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John Brinckerhoff Jackson. At Berkeley. Photograph by Jennifer Williams, 1981. Courtesy of Paul Groth.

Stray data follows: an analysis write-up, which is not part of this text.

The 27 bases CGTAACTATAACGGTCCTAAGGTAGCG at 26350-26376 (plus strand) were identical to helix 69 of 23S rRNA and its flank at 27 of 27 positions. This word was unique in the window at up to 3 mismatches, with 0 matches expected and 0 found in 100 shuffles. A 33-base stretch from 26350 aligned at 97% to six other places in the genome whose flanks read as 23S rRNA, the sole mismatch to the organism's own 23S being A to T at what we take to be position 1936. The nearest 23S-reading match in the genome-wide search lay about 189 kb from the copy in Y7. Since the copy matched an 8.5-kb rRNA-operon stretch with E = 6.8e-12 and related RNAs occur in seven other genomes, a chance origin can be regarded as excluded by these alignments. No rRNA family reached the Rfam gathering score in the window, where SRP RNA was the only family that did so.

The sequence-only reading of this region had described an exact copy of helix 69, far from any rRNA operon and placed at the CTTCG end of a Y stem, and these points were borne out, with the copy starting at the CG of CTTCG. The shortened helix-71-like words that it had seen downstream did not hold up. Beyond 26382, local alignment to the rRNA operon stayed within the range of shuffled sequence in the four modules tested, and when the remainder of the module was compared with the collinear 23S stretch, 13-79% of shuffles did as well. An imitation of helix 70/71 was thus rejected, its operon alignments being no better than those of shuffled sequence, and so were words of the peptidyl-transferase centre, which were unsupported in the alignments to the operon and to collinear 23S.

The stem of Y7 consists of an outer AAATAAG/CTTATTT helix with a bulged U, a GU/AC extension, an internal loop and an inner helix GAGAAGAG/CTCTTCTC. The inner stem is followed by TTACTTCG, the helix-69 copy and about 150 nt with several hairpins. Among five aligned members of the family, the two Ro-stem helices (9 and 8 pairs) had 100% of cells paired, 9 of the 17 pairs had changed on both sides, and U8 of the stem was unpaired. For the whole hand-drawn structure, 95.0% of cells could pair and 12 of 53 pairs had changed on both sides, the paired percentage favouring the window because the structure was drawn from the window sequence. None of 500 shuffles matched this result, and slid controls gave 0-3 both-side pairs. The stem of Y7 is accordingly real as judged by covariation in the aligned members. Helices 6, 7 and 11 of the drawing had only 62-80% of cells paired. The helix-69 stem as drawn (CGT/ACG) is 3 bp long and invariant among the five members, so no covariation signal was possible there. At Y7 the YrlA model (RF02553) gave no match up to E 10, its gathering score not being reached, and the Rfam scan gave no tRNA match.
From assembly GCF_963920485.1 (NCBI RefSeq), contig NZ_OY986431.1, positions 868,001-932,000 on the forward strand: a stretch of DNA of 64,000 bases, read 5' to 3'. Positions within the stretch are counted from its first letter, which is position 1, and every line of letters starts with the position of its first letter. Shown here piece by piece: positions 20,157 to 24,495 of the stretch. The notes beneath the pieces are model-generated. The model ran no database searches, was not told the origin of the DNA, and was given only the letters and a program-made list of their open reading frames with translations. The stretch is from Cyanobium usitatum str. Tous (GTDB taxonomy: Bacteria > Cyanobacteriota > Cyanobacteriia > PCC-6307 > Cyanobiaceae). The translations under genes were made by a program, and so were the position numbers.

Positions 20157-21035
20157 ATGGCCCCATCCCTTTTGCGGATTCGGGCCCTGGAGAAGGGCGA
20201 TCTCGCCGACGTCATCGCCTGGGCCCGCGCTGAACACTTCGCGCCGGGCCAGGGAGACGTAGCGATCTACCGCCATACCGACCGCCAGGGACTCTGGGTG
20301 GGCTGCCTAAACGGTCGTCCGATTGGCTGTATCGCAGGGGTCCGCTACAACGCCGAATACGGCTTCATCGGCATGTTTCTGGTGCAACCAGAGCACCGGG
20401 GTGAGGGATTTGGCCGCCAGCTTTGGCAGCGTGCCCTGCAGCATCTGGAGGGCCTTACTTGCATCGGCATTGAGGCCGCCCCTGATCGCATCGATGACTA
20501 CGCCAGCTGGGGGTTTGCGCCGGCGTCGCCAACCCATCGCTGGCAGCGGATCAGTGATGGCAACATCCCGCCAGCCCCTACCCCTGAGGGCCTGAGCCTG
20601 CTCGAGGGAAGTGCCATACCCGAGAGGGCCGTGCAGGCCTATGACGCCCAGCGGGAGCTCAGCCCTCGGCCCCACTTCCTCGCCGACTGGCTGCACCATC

Jackson, John Brinckerhoff (25 September 1909–28 August 1996), essayist, cultural geographer, and interpreter of the American-built environment, was born in Dinard, France, the son of William Brinckerhoff Jackson, an independently wealthy attorney, and Alice Richardson Jackson, who later became an antiques buyer for Bonwit Teller department store in New York City. John's parents lived near Washington, D.C., and traveled widely. They divorced when he was four, and he then lived in Europe and the New York area with his mother and two siblings by her previous marriage. John's father paid for him to attend the best private boarding schools in the United States and Europe, including drawing classes near Fontainbleau and two years at Le Rosey in Switzerland. John also spent several summers on his uncle Percy Jackson's ranch in Wagon Mound, New Mexico. By his teenage years, John was fluent in French, German, and Spanish, and was adept at sketching as a method of recording built environments....